EU countries expressed concern Thursday (18 March) that the European Commission’s sustainable battery proposal sets unworkable targets and deadlines and would increase bureaucratic costs for battery producers, raising the prospect that the legislation will require significant changes before entering into law.
“This proposal, which is very ambitious, has to be realistic and fit with the expectations of those who are going to be on the receiving end of it,” Italian physicist Roberto Cingolani said during the Council debate on the Commission’s legislative proposal. “We should avoid legislative burdens for operators and for public authorities,” he added.
The EU’s proposed regulation aims to reduce the environmental and social impact of batteries amid expectations of soaring demand, as e-mobility increasingly replaces fossil fuel-powered transport. If passed, the proposal would set a minimum share of recycled cobalt, lithium, nickel, and lead that must be used in batteries produced in Europe from 2030.
The proposal would also make the environmental effect of batteries more transparent, forcing producers to flag the carbon footprint of each battery from 2024.
To aid recycling, the Commission wants to increase battery collection targets for EU countries from 45% at present to 65% of portable batteries by 2025, moving to 70% by 2030.
Denmark called the proposal a “real step in the right direction” but expressed concerns about the “economic and administrative burden” it may impose on SMEs.
The Czech Republic opined that it considers “the proposed sustainability requirements, the declaration of [each battery’s] carbon footprint, and minimum recycled content [targets] quite ambitious and burdensome for producers. The proposed regulation should, on the contrary, be more focused on the safety requirements for factories”.
Latvia similarly urged the European Commission to “simplify certain provisions and set realistic timeframes for their implementation”, noting the proposal’s potential to increase the “administrative and financial burden for producers and end users”.
Bulgaria warned that the 20% increase in the batteries collection target proposed by the Commission will raise the chances of non-compliance and non-implementation.
“Bulgaria has always called for rationality and feasibility when setting the level of ambition. In this sense, we consider the collection targets for portable batteries for 2025 as too ambitious,” Bulgaria said.
Belgium’s environment minister, Alain Maron, encouraged the Commission to go beyond carbon footprint analysis, which he called “too restrictive”.
“If we stress carbon footprint, we might have a negative impact in other areas, such as the use of minerals, the raw materials, toxicity, and so forth,” he said.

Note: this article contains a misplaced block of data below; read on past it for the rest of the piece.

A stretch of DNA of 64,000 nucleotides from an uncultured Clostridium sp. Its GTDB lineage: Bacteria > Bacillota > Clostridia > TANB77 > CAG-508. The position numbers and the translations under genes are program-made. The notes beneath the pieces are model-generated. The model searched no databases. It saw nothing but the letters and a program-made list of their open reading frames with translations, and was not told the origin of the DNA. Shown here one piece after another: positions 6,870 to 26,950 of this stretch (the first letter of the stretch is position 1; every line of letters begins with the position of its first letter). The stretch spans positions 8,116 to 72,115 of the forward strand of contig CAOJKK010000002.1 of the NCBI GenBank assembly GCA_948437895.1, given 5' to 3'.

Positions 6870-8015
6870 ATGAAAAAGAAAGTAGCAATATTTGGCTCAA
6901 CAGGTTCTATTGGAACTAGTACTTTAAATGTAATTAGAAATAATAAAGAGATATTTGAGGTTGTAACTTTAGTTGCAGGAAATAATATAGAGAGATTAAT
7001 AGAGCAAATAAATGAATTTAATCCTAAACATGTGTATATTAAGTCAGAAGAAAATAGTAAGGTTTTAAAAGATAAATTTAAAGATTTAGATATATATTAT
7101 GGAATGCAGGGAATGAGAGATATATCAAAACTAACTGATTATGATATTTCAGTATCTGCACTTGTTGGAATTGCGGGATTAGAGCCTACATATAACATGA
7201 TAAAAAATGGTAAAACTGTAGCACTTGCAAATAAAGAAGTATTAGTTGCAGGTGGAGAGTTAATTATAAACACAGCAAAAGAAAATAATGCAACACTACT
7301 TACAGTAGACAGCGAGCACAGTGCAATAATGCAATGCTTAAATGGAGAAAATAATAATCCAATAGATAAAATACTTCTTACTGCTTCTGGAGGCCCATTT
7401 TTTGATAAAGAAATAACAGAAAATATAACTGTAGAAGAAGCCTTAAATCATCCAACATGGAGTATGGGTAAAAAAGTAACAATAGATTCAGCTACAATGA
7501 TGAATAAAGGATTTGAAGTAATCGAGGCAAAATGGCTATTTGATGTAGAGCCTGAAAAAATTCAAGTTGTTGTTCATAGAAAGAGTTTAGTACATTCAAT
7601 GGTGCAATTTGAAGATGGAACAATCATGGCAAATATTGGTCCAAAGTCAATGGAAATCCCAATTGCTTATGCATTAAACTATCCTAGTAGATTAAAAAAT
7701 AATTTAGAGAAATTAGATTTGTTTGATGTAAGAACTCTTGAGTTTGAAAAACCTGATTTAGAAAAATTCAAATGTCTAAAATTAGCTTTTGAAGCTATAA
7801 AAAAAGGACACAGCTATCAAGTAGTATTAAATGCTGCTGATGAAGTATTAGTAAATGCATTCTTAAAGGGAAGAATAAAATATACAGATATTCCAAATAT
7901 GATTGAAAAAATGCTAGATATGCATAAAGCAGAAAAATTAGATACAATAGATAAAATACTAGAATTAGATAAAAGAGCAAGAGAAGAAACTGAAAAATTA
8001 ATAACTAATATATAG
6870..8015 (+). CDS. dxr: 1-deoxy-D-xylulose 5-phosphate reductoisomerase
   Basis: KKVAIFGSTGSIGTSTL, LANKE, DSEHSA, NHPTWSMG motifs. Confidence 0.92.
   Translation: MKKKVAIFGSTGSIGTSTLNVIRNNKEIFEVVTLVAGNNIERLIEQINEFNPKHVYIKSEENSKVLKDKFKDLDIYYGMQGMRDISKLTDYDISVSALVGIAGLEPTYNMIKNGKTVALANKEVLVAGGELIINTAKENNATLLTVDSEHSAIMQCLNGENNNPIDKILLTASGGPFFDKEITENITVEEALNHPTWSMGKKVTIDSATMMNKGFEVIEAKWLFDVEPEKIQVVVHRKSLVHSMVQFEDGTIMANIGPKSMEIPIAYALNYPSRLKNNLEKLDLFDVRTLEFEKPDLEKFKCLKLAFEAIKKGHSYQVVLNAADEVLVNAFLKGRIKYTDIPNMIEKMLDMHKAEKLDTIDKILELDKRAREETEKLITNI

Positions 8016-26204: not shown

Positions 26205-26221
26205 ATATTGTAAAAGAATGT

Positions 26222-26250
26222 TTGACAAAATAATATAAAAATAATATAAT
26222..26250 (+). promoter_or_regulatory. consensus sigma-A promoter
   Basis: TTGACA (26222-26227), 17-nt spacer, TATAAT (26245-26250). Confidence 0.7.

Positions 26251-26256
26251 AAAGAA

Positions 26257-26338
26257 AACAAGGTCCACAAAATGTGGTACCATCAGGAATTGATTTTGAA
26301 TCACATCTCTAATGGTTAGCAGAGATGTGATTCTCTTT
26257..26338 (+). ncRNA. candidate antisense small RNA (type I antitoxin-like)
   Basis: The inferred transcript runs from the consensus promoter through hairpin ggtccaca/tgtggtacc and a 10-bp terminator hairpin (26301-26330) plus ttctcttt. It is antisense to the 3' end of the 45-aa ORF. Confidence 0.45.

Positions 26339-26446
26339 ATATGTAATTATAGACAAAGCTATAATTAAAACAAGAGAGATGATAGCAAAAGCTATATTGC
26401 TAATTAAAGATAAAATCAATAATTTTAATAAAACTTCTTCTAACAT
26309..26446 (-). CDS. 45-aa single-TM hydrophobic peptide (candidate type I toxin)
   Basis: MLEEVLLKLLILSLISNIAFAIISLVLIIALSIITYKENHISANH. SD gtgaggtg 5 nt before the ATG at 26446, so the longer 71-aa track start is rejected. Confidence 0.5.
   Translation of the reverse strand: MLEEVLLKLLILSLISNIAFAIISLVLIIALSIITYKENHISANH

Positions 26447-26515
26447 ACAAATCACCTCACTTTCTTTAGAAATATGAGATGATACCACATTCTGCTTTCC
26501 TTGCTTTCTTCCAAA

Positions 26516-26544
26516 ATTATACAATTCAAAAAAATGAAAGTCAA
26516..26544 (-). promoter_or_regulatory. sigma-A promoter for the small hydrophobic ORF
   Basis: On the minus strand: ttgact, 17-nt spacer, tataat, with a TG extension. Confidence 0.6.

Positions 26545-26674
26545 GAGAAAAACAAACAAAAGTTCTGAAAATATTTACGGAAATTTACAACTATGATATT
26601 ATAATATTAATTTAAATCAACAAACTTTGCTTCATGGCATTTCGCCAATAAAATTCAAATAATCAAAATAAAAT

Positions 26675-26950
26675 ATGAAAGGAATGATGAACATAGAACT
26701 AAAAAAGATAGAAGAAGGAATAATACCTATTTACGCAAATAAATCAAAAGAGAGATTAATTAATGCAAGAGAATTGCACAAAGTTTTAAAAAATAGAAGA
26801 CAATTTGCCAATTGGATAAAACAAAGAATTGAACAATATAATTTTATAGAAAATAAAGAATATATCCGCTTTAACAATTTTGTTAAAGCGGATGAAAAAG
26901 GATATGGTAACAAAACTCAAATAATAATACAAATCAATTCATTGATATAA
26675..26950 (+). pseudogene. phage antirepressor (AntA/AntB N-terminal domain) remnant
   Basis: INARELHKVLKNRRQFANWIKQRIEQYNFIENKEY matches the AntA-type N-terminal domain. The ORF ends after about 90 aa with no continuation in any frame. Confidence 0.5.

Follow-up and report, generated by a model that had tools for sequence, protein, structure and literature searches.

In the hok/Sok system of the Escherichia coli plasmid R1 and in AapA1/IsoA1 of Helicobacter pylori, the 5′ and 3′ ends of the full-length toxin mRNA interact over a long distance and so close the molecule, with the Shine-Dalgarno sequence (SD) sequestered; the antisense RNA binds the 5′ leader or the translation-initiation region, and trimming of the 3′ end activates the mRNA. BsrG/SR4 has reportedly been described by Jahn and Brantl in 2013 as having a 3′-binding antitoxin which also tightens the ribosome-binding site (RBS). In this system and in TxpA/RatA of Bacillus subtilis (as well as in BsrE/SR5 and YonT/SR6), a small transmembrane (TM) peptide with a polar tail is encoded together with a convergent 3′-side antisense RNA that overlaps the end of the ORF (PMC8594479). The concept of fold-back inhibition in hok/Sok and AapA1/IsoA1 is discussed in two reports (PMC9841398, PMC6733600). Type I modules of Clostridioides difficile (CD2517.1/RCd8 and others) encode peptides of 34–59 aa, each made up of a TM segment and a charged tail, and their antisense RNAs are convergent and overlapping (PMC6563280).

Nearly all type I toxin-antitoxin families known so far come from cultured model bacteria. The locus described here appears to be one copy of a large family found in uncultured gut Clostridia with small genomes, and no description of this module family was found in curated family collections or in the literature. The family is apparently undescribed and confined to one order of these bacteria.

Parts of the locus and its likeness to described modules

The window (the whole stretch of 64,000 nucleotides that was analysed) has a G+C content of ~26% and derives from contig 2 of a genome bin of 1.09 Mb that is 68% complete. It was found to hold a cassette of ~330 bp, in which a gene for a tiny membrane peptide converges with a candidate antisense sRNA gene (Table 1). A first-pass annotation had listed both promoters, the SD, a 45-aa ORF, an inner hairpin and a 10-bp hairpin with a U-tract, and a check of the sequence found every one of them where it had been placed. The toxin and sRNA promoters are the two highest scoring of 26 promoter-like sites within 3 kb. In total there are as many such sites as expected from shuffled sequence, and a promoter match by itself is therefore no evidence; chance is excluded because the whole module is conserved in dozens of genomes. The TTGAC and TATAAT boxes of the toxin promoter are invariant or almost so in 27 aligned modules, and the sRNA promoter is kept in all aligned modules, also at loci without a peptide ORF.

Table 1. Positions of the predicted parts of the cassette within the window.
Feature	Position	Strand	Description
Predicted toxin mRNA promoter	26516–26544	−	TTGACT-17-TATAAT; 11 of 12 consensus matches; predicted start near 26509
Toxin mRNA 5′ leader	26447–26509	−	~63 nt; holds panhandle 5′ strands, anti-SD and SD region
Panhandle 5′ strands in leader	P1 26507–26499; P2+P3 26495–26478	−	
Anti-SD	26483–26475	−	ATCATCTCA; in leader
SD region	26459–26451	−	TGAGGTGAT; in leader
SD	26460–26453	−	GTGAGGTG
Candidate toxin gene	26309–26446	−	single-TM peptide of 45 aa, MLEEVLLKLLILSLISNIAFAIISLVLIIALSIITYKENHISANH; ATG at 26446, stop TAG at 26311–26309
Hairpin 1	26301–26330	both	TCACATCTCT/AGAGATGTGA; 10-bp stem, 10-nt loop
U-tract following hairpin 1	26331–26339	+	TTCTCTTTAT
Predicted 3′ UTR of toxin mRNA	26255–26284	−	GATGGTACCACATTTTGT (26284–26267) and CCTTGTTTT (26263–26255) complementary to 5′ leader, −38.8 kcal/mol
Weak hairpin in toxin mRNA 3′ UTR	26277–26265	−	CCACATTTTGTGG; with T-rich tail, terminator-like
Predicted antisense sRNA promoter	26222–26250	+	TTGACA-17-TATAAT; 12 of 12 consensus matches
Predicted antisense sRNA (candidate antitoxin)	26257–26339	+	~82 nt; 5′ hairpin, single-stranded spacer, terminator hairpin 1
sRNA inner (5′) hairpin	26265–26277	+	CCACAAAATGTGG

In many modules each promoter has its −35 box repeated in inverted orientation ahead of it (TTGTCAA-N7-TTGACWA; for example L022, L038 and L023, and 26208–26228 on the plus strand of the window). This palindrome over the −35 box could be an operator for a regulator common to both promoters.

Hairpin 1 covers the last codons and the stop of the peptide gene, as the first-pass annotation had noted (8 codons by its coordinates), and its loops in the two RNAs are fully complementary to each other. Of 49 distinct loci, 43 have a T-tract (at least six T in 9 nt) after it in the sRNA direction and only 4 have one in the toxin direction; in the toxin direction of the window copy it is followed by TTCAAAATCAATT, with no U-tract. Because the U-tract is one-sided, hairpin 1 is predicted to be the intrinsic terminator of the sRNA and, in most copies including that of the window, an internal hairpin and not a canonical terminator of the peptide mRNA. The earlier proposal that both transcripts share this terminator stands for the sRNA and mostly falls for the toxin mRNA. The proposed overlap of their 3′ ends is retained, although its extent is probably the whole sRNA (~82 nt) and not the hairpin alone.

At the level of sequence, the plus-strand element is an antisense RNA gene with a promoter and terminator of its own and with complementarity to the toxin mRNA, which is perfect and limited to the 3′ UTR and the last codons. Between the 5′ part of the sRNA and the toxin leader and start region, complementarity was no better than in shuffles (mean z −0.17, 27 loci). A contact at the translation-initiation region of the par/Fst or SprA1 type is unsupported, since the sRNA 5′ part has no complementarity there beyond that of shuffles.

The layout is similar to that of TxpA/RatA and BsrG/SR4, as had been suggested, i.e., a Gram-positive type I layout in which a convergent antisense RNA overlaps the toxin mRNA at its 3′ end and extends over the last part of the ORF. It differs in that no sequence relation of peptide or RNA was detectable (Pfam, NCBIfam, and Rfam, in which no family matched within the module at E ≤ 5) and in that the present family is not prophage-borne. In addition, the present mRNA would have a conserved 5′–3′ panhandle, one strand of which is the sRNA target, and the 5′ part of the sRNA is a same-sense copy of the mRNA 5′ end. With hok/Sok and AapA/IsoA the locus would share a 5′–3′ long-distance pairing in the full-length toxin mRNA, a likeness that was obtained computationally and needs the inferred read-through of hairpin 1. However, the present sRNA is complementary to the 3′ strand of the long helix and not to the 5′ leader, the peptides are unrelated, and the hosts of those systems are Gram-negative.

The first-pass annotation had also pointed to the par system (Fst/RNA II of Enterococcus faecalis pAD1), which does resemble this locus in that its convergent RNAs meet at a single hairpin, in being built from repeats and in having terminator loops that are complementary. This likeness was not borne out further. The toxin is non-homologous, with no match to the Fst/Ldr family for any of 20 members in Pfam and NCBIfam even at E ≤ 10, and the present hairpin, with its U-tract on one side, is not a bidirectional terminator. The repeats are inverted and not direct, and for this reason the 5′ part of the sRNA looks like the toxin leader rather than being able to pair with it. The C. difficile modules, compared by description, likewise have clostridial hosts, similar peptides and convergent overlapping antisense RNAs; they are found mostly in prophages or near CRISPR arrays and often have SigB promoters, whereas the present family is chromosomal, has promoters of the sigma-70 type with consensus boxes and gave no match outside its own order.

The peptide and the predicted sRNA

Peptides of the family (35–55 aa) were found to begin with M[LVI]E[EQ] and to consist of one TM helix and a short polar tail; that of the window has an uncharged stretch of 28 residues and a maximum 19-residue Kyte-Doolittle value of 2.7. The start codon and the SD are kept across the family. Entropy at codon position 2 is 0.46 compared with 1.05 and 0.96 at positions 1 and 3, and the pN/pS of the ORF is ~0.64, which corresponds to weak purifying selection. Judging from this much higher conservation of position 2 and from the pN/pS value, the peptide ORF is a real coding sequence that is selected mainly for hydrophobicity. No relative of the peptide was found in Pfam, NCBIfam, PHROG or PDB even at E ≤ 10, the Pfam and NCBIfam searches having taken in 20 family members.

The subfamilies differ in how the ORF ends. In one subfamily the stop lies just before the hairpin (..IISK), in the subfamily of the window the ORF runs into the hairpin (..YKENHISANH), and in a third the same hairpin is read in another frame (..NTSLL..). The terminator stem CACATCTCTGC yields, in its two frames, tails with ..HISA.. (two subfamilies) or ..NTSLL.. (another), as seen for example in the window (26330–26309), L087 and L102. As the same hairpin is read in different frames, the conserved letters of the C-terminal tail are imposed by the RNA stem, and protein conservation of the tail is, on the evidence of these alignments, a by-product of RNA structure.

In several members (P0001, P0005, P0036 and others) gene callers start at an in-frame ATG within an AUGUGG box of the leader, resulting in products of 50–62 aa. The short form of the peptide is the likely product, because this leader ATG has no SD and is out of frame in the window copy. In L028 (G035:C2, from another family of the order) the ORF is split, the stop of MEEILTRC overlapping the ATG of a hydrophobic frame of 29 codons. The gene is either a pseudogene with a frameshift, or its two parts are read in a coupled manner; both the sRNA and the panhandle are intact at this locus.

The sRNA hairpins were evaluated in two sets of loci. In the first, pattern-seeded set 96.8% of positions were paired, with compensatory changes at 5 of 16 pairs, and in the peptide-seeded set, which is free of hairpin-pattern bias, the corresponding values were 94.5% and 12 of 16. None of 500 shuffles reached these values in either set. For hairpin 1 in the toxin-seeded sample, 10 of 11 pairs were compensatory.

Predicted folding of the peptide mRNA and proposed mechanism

While the objective of a more circular approach to batteries was widely welcomed by member states, some environment ministers raised fears that moves towards harmonised standards simply glossed over the differences in capacity among EU countries.
Germany expressed concerns that the requirements set out in the proposal would undercut the work being done by individual governments.
“It’s important that we maintain existing and well-functioning national [battery] collection structures and that doesn’t seem to be possible under the current draft,” said German Environment Minister Svenja Schulze.
“We shouldn’t harmonise requirements for producer responsibility further – we will be proposing some changes to the draft in the course of further deliberations,” she said.
Estonia stated that batteries sold on the European market must “meet the highest standards of human health, safety and protection of property and the environment”, but noted that “stricter rules for the European producers may harm the competitiveness of our businesses”.
“We need to guarantee that the products that do not comply with the requirements will not be placed on the EU market,” added Estonia’s Tõnis Mölder.
Several member states, including France, Greece, and the Netherlands, questioned why light-vehicles, such as e-bikes and electric scooters, were not included in the Commission’s legislative proposal.
In response, the EU’s Environment Commissioner, Virginijus Sinkevičius, told delegates that the Commission’s Joint Research Centre is preparing a study with a view to setting specific battery collection targets for soft mobility vehicles.
He also reminded those present that “the clock is ticking” to make progress on greening batteries.
Asked about the possibility of approving the legislation during the Portuguese Council presidency, minister João Pedro Matos Fernandes, who chaired the debate, was sceptical.
“Given the complexity of the questions we’re looking at, remembering that we’re talking about a very new regulation and given the divergence of opinion amongst the member states at this time, I have to admit that is not going to be easy to approve the proposal by the Council in June,” he said.
Fernandes hopes the regulation will be approved by the end of the year, under the Slovenian presidency of the EU Council.